Subscripts in physical chemistrySubscripts in physical chemistry are used to differentiate symbols of different quantities. While these subscripts need to be short to be readable, they have to be distinct and well defined. Several subscripts relate to fundamental terms and concepts, summarized in a list below.
SystemThe term system has a variety of meanings in different contexts, e.g., redox system, electron transfer system, loosely or completely coupled system, biological or mechanical system, instrumental system, data management system, MKSA system. In thermodynamics, the system is considered as an experimental system (experimental chamber), separated from the environment as an isolated, adiabatic, closed, or open system. Quote Gnaiger 1993 Pure Appl Chem: The internal domain of any system is separated from the external domain (the surroundings) by a boundary. In theory, energy transformations outside the system can be ignored when describing the system. The surroundings are merely considered as a source or sink for quantities transferred across the system boundary. According to the transfer properties of the boundary, three types of thermodynamic systems are distinguished. (1) The boundaries of isolated systems are impermeable for all forms of energy and matter. Isolated systems do not interact with the surroundings. Strictly, therefore, internal changes of isolated systems cannot be observed from outside since any observation requires interaction. (2) The boundaries of closed systems are permeable for heat and work, but impermeable for matter. A limiting case is electrons which cross the system boundary when work is exchanged in the form of electric energy [added: and light]. The volume of a closed system may be variable. (3) The boundaries of open systems allow for the transfer of heat, work and matter. Changes of isolated systems have exclusively internal origins, whereas changes of closed and open systems can be partitioned according to internal and external sources. Production and destruction of a quantity within the system are internal changes, whereas changes of heat, work and matter due to transfer across the system boundaries are labelled extenal. (External) transfer is thus contrasted with (internal) production or destruction. A system may be treated as a black box. In the analysis of continuous or discontinuous systems, however, information is implied on the internal structure of the system.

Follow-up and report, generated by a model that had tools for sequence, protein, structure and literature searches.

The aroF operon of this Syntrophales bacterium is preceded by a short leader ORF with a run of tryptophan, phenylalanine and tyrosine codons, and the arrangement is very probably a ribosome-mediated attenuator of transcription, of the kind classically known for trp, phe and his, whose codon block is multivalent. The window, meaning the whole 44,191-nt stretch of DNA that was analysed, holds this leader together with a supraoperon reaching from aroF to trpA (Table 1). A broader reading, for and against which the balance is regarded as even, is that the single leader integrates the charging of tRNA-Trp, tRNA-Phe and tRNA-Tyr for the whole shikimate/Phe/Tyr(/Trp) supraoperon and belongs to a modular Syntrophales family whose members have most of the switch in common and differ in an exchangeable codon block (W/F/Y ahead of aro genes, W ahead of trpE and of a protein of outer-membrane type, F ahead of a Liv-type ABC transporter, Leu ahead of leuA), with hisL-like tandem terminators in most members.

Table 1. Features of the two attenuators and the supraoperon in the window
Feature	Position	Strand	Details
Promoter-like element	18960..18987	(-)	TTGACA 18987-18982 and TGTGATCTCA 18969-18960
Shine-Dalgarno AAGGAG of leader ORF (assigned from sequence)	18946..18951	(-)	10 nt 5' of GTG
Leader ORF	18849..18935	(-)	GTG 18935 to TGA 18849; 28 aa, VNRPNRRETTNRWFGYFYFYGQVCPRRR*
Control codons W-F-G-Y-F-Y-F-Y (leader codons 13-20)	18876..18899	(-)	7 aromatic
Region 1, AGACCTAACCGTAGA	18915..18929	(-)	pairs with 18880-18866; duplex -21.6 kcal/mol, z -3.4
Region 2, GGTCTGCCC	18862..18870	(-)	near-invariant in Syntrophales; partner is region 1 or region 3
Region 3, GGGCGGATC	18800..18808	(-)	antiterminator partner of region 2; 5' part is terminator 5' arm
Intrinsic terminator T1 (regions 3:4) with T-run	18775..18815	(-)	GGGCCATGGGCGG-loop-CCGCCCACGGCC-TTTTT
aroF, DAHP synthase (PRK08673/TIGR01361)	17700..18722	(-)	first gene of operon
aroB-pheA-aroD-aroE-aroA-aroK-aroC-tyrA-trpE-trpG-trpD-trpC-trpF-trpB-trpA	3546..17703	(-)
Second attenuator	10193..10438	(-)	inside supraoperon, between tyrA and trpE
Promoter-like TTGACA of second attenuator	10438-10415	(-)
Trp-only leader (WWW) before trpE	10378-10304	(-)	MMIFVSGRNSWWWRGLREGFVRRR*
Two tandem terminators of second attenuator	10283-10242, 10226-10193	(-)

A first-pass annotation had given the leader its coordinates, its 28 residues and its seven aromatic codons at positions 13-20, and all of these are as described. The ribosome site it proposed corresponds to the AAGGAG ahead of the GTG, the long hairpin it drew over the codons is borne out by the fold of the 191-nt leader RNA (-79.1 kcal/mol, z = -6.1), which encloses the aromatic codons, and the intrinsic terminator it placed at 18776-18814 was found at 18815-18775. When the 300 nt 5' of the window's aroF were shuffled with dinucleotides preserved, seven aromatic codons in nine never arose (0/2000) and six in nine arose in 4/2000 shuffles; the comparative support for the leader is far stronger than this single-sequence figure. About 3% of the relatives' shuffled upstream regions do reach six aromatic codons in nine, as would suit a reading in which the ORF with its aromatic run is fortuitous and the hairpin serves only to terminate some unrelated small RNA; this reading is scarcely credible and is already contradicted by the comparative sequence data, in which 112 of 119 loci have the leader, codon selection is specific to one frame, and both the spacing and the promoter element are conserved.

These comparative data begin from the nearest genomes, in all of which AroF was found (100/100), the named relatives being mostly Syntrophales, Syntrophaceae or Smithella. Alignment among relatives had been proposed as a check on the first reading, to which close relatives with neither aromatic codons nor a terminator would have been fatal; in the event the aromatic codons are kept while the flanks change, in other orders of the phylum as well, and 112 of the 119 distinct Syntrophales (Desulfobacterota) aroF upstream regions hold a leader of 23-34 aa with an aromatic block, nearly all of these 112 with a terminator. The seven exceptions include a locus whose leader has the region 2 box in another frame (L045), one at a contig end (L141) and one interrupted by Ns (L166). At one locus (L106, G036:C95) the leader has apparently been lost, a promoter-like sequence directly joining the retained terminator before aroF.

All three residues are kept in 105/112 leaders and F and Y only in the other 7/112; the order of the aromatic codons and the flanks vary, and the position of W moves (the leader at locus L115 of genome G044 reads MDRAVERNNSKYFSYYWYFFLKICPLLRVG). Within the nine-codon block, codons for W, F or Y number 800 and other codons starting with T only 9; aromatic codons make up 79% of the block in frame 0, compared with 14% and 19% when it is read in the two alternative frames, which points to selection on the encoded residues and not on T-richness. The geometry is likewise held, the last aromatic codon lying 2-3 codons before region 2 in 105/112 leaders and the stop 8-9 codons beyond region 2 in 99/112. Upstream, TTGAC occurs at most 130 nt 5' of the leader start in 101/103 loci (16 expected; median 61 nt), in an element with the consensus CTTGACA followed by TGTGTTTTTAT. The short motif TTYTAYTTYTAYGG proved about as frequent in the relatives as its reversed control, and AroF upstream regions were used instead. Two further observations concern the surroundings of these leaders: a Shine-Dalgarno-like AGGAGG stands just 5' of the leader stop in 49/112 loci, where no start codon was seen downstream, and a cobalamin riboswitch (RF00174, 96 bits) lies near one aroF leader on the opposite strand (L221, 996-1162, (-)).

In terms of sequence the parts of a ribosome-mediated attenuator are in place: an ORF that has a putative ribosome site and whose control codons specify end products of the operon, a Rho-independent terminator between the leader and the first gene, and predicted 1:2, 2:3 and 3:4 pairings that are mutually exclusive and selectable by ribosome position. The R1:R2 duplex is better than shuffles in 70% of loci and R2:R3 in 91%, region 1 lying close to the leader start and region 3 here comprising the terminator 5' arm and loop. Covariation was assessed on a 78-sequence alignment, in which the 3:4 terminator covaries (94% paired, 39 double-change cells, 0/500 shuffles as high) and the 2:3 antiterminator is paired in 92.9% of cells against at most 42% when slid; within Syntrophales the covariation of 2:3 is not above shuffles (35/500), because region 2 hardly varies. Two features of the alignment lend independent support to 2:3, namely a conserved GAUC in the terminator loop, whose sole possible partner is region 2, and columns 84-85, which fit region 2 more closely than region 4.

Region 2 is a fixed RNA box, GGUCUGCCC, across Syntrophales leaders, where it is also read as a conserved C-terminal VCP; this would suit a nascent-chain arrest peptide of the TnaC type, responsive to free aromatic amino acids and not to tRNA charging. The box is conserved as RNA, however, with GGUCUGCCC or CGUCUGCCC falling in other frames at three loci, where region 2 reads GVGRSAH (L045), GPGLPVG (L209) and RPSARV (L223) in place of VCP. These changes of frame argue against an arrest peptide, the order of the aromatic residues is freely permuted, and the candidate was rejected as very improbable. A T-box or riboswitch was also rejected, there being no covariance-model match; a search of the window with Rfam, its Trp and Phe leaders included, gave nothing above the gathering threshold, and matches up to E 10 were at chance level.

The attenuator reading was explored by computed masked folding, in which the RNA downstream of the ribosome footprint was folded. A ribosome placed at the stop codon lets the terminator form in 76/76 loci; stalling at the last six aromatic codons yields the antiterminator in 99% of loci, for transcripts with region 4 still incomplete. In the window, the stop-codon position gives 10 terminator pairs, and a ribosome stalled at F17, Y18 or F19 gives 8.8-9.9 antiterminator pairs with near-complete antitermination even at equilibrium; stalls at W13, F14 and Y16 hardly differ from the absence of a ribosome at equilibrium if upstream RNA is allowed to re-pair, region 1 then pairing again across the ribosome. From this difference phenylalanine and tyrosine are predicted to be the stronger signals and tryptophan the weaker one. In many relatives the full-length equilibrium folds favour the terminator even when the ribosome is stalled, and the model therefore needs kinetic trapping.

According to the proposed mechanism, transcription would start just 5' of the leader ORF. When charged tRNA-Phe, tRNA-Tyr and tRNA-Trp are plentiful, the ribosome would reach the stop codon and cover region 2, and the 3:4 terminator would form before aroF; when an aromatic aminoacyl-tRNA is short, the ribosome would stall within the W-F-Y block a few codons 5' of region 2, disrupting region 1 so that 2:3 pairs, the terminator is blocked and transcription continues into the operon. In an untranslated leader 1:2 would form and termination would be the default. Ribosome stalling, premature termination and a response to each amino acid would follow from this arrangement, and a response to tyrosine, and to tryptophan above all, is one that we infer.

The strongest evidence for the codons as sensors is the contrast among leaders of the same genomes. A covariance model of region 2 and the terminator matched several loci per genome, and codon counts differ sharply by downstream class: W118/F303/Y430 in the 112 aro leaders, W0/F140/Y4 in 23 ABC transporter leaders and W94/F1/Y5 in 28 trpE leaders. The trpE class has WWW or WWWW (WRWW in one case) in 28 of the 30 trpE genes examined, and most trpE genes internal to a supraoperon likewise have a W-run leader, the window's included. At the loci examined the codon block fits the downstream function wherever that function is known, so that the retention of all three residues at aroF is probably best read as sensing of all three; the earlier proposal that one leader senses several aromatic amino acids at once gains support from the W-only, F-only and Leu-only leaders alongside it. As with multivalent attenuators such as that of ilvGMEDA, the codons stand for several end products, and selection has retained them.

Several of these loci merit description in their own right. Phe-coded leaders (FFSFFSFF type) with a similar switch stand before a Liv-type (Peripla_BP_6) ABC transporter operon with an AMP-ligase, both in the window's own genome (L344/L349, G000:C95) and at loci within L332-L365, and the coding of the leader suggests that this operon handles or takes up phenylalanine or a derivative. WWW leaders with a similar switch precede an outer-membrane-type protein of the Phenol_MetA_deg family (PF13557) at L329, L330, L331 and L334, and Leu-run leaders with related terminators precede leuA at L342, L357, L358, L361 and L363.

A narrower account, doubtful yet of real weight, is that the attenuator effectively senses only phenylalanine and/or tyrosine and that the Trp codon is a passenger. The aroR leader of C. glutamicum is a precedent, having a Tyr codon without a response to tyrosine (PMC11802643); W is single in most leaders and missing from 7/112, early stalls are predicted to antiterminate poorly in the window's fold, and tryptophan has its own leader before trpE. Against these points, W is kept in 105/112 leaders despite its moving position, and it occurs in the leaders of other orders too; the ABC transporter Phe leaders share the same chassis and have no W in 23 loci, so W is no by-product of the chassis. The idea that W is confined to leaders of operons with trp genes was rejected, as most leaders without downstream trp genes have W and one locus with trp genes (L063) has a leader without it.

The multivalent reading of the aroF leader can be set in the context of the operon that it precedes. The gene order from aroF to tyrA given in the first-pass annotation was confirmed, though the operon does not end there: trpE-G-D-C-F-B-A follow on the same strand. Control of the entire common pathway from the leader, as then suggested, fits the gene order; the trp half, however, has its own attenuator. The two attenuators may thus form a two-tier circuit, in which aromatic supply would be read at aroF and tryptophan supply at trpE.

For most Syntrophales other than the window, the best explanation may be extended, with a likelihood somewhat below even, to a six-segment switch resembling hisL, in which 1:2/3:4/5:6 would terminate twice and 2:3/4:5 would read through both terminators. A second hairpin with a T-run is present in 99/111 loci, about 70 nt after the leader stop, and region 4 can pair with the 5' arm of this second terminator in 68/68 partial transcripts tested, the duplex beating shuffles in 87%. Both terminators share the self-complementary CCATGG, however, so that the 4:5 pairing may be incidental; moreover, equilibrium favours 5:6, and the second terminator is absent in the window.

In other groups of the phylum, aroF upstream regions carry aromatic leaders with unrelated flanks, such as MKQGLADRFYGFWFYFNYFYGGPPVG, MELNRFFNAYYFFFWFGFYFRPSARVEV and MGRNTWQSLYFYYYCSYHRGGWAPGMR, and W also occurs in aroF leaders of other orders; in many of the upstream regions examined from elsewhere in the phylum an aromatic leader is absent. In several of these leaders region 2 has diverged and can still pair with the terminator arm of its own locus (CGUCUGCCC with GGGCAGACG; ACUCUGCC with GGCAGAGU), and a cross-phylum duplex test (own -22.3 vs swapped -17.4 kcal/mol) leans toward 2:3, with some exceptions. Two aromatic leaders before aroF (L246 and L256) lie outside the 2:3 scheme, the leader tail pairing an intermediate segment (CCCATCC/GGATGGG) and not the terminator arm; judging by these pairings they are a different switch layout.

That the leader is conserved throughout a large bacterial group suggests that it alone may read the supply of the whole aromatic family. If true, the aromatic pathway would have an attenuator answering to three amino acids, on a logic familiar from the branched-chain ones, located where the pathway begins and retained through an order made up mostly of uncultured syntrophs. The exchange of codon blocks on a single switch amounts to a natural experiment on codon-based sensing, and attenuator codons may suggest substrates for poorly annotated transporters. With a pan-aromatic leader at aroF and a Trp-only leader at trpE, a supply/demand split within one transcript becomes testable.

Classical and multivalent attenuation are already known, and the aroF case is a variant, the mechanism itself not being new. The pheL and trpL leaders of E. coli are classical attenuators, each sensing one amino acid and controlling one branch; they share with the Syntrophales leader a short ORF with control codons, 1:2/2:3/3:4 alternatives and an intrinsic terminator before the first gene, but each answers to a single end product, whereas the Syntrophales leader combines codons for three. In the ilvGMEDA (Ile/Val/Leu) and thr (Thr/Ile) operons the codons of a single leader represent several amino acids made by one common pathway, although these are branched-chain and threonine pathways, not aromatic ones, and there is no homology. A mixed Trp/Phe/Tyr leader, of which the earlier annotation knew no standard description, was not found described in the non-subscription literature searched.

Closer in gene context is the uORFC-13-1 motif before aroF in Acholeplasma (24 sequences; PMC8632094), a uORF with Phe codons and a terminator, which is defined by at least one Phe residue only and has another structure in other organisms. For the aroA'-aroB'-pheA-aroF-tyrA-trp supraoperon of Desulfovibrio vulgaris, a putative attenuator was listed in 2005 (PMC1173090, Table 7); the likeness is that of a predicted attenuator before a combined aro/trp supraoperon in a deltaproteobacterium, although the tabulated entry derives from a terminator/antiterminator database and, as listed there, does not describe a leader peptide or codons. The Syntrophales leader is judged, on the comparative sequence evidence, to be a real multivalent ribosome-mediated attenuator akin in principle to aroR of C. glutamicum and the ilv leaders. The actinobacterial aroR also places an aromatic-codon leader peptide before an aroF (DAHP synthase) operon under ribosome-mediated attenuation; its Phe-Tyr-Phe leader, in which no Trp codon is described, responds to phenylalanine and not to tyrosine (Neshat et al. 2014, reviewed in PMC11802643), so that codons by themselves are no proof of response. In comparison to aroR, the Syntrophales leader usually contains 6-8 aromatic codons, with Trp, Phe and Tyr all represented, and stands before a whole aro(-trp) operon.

VectorA vector is a pysicochemical quantity with magnitude and spatial direction of a gradient. Symbols for vectors are written in bold face. For example, velocity, v, and the fundamental forces of physics, F, are vectors. An infinitesimal area is a vector, dA, perpendicular to the plane.
Velocityv [m·s-1]Velocity, v [m·s-1], is the speed in a defined spatial direction, and as such velocity is a vector. Velocity is the advancement in distance per unit time, v ≡ dz ∙ dt-1 [m·s-1]
WorkdeW [J]Work [J] is a specific form of energy, called exergy, performed by a closed or open system on its surroundings (the environment). This is the definition of external work, which is zero in isolated systems. The term exergy includes external and internal work. Mechanical work is force [N] times path length [m]. The internal-energy change of a closed system, dU, is due to external exchange (e) of work and heat, and work is the internal-energy change minus heat, detW = dU - deQ